Following the limited relaxation of lockdown restrictions by the UK Government and the likely return to the workplace of at least some employees, the UK Information Commissioner’s Office (ICO) has published some helpful guidance for employers on the data protection issues raised by workplace testing for coronavirus.  

The guidance notes that, although data protection law does not stop employers taking measures that are required to protect their staff and the public during the coronavirus pandemic, personal data must be handled carefully. 

The guidance makes clear that employers must consider the requirements of the GDPR and the UK Data Protection Act 2018 (DPA) if they plan to conduct tests to confirm whether employees are suffering from COVID-19 or any relevant symptoms.  Employers will likely be collecting both personal data and “special category” health-related data (which attracts more stringent protection) and compliance will involve processing relevant data lawfully, fairly and transparently.

The guidance considers which lawful basis for processing employers will be able to rely on when carrying out testing.  It notes that, provided there is good reason for processing health data about COVID-19, for public employers (other than public authorities) and private employers the “legitimate interests” basis may well be appropriate.  Regarding special-category health-related data, the ICO suggests that the “employment” condition, which relates to employers’ health and safety obligations, is likely to be relevant, provided that no irrelevant or unnecessary data is collected or shared.

The guidance also reminds employers to comply with the “accountability principle”, meaning that employers must be able to evidence their compliance, for example, by carrying out data protection impact assessments (DPIAs) focusing on new risk areas. The guidance outlines the areas that DPIAs should cover, noting that a template is available to assist organisations in focusing on the minimum requirements, and confirms that DPIAs should be regularly refreshed.

The ICO also emphasises the importance of data minimisation in respect of health-related data, observing that such data should be adequate, relevant and limited to what is needed.  Excessive information should not be collected regarding test results (e.g. only the test results themselves, but not information about underlying conditions will likely be required).  Employers should also be able to show why they are testing individuals or collecting test results and ensure that this is proportionate and necessary, taking account of all available testing options.  The importance of the accuracy of personal data is also noted.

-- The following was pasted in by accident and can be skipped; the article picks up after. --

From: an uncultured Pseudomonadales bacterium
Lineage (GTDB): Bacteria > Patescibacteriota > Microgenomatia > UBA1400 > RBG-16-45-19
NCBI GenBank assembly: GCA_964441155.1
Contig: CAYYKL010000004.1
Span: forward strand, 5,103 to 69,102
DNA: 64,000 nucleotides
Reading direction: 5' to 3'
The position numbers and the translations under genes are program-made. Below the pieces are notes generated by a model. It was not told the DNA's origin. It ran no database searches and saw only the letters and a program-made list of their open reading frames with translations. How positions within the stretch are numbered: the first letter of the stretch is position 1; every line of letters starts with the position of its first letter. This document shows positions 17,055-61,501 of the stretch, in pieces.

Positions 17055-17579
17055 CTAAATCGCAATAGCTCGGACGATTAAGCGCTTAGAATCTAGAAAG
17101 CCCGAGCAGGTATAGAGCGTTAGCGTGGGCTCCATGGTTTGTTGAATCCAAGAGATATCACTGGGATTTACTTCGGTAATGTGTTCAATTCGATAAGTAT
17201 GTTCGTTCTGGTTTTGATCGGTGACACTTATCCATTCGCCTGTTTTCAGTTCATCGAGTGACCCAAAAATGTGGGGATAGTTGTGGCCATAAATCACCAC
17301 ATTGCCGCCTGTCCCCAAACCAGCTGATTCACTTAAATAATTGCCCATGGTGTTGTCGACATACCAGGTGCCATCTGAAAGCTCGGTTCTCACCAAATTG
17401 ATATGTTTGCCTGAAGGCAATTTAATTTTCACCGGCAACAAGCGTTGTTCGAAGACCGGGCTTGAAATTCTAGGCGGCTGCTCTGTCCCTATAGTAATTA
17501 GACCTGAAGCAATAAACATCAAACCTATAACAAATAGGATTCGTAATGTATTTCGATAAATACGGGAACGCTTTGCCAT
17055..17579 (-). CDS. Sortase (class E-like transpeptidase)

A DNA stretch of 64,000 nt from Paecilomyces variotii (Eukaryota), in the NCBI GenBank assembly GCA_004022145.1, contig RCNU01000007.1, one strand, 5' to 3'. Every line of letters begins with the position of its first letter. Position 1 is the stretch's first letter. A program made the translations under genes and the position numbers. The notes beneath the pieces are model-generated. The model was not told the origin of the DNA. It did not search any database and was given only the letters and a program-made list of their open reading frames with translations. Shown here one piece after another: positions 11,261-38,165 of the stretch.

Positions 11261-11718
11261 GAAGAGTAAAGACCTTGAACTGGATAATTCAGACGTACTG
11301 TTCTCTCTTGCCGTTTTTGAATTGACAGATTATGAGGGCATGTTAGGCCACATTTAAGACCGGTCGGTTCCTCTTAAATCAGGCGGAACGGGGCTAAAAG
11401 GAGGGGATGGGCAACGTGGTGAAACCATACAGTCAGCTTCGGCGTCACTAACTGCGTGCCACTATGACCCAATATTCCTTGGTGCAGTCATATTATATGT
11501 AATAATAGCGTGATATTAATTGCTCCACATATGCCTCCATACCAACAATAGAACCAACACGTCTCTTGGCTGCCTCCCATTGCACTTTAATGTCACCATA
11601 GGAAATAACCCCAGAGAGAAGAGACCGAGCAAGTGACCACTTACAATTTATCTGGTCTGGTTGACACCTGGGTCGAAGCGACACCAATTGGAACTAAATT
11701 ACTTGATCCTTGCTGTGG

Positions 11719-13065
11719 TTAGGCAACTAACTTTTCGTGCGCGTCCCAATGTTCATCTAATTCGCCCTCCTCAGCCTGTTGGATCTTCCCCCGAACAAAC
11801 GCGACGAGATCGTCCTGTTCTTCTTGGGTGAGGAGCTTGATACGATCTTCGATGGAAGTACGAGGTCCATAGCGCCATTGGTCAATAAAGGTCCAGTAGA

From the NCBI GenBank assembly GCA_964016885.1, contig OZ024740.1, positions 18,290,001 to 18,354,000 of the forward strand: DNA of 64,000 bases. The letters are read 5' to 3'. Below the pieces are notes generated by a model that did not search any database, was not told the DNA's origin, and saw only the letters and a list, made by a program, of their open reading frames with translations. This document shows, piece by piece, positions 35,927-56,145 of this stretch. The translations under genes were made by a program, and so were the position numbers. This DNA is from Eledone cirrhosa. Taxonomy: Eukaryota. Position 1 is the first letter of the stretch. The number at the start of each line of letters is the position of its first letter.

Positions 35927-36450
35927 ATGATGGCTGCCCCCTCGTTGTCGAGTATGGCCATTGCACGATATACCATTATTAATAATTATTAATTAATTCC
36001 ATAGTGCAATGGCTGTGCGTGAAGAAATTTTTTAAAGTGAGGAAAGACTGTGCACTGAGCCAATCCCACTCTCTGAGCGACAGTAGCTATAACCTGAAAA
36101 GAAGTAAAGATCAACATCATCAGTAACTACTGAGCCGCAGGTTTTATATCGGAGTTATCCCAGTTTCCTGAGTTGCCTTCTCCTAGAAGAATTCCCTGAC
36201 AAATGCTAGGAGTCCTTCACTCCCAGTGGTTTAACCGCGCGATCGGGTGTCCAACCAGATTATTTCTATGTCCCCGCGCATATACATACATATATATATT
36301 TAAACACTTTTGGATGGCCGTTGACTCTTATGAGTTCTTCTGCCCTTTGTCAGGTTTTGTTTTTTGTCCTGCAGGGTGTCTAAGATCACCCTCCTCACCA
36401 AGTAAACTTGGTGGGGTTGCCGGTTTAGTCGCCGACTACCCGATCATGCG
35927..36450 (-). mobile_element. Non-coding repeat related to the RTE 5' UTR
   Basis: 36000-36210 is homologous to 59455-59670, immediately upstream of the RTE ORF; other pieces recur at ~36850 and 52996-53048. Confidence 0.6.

The guidance confirms that employers can keep lists of employees who test positive for, or display symptoms of COVID-19 in accordance with certain conditions, provided that these do not lead to any unfair or harmful treatment of employees. Information regarding employees who have reported symptoms should also not be used for purposes that employees would not reasonably expect.

Regarding transparency, employers must be clear with their employees about how their health-related data will be used and what decisions will be made based upon it.  Ideally, appropriate privacy notices should be implemented prior to commencing any health-related data processing, although the ICO acknowledges that provision of detailed information may be difficult in the current circumstances. 

The guidance notes that employees should be informed of possible or confirmed instances of COVID-19 amongst their colleagues, although affected individuals should not be named if possible and information disseminated to staff should be minimised.  Relevant data can also be shared with authorities for public health purposes or the police if necessary and proportionate, in accordance with the DPA. Wider risks to the public should also be considered.

The ICO also stresses the need for employers to ensure that employees are able to exercise their information rights, suggesting that systems could be implemented to facilitate this (e.g. by establishing secure portals allowing employees to manage and update their personal data).

The guidance notes that voluntarily disclosed results of tests arranged by employees should be kept secure and confidential, with employers considering whether use of such data is relevant and necessary.

Finally, the guidance considers whether use of temperature checks or thermal cameras in workplaces as part of testing or ongoing monitoring of staff is appropriate.  Such technologies are regarded as intrusive, so employers should consider whether their use is proportionate and justifiable and would reasonably be expected by employees.  Use of the Surveillance Camera Commissioner’s DPIA template is recommended.

 Although relatively high-level, this guidance will no doubt be welcomed by any data controllers considering employee testing as part of a return to the workplace and provides food for thought regarding the related data protection issues.  It should be remembered that employment law and health and safety issues will also require consideration, as well as any local differences implemented by the devolved administrations.